A speaker WILL act as a microphone. It's just not very efficient.

If you get real close, and shout really loud, you will get a mediocre signal. In theory, this get passed back to the input where, since we are reducing signal strength along the way, we would have a microscopic signal.

Then comes the final hurdle: recording this signal.

Computer data, in the form of ones and zeroes, gets chewed through a chip called Digital-Analog-Converter [DAC] before being sent to that amplifier. To record our eensy signal, we need an Analog-Digital-Converter [ADC].

ADC's are weird and wonderful beasts. Your computer has one - it's what the "mic" input goes to. No matter how you quibble about passing signals backwards through an amplifier, I fail to see how you get a digital version without adding your own hardware [ie. planting a bug].

• So you CAN go back through an amplifier? I see there are different answers to this :-) The ADC part can be worked around, by re configuring the sound card if it supports it. Commented Sep 19, 2014 at 13:47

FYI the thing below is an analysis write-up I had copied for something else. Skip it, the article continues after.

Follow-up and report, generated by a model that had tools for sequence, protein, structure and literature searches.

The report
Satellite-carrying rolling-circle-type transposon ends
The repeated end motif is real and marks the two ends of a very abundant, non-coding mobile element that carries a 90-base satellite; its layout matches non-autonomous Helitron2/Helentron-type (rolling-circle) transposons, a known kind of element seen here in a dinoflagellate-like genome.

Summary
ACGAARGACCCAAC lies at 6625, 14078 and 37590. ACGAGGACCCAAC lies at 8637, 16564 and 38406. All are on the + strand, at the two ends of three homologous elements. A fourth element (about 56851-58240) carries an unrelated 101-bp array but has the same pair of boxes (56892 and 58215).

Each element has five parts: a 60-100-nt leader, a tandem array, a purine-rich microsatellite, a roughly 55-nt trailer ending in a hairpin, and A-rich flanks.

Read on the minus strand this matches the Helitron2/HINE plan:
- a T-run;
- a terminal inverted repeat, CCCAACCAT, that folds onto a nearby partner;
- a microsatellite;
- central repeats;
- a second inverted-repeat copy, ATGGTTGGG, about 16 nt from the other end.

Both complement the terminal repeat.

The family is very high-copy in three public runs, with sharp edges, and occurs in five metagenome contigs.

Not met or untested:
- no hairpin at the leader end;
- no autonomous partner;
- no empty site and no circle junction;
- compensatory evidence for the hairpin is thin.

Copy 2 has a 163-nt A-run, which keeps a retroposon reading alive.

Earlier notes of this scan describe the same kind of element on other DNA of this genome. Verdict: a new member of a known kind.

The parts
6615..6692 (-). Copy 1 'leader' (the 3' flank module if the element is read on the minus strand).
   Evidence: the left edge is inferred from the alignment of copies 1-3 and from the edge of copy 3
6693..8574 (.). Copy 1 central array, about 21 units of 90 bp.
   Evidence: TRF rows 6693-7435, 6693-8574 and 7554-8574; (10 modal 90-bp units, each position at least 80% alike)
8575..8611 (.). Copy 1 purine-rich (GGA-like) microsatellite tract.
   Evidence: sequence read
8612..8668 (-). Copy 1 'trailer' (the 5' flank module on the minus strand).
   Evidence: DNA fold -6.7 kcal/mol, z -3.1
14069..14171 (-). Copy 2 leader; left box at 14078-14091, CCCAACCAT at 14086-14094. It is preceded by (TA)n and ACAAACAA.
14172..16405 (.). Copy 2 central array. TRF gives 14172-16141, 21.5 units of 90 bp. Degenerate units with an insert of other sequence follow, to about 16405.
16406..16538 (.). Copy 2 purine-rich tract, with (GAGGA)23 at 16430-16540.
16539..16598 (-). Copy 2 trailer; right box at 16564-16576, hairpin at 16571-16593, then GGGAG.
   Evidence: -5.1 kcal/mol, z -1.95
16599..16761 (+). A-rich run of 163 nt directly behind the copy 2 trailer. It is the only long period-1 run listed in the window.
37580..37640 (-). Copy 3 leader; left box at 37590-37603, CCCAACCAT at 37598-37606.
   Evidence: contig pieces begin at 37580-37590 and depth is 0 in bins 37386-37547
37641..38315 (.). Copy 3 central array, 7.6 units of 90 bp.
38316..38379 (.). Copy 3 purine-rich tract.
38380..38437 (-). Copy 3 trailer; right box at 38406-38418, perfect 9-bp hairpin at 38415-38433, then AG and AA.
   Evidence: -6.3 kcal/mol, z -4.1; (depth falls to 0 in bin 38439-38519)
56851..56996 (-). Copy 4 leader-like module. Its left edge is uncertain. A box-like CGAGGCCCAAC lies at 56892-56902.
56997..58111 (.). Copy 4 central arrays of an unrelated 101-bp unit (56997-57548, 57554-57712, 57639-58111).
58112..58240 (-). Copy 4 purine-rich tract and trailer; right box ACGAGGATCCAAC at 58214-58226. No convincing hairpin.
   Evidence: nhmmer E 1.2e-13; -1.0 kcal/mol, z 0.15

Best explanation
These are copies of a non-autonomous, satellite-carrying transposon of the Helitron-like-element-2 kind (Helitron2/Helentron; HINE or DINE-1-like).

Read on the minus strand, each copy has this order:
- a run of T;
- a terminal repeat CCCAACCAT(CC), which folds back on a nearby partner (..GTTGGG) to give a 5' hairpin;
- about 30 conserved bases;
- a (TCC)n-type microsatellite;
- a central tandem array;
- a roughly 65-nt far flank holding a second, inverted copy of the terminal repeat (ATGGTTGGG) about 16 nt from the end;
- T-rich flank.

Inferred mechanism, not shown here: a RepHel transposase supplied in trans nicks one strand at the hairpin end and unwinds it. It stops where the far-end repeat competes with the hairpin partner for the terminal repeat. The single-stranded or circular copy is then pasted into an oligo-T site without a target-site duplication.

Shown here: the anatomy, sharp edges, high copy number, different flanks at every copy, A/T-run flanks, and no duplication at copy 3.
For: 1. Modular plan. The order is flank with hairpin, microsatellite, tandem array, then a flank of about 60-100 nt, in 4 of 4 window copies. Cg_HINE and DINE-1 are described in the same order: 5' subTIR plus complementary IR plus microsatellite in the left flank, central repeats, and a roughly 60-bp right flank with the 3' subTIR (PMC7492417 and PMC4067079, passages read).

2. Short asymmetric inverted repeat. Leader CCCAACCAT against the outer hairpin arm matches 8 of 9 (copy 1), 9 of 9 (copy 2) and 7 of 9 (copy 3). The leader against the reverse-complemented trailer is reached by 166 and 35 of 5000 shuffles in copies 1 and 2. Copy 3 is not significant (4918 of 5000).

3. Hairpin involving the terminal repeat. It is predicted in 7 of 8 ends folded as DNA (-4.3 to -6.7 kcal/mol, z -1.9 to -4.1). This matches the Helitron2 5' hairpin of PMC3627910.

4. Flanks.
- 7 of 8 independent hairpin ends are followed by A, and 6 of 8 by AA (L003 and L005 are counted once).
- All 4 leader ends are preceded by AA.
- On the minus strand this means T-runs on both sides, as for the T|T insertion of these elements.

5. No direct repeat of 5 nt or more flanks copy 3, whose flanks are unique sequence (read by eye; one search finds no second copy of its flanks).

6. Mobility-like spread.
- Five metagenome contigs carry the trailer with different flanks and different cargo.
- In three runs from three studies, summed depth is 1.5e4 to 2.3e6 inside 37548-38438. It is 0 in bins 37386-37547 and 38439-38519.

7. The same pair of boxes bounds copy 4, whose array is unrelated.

• As I noted in another answer, there are 2 paths "back" through an amplifier. If the voltage on an emitter rises, the base voltage will rise too. Trouble is: you're converting milliamps to micro amps here (transistors are current based). The other path is via a feedback resistor, used to stabilise the circuit. BIG trouble is: this feedback signal is used to REDUCE the presence of the signal at the output, so the feedback acts to reduce your external signal even more. The result, sitting at the input of the amplifier, is so laughably small you would typically dismiss it as "noise". Commented Sep 19, 2014 at 14:07
• Thank you! Regarding the first path - does it matter that it's micro amps? The voltage difference in the input should just decrease by the gain factor of the amplifier, right? Regarding the second path - I'm not sure I get why it acts to reduce it. I'm keeping the output constant at 100*x! meaning it can't reduce it and the input must go to x (up to the accuracy of the amplifier), doesn't it? Is there somewhere I can read about this? I feel I still haven't gotten a clear answer. Thanks again! Commented Sep 19, 2014 at 15:34
• I mean reading especially about forcing an output on an amplifier (or on the subject of speakers as microphone). I tried reading about amplifiers in general. Commented Sep 19, 2014 at 15:36
• Regarding the first path - yes, it matters that the signal is down to micro amps. I'm talking drectly through the amplifier [chip] and chances are ther will be 3 or more transistors in a row, to give a total gain of about a million. Thermal noise [background hiss] from the transistors will be bigger than the signal, if you go this route. Commented Sep 22, 2014 at 5:20

A small lightbulb glows when you put (say) 12V dc on it. However, if you fired a laser beam at the same lightbulb and made it glow exactly the same way you wouldn't get 12V DC out of it.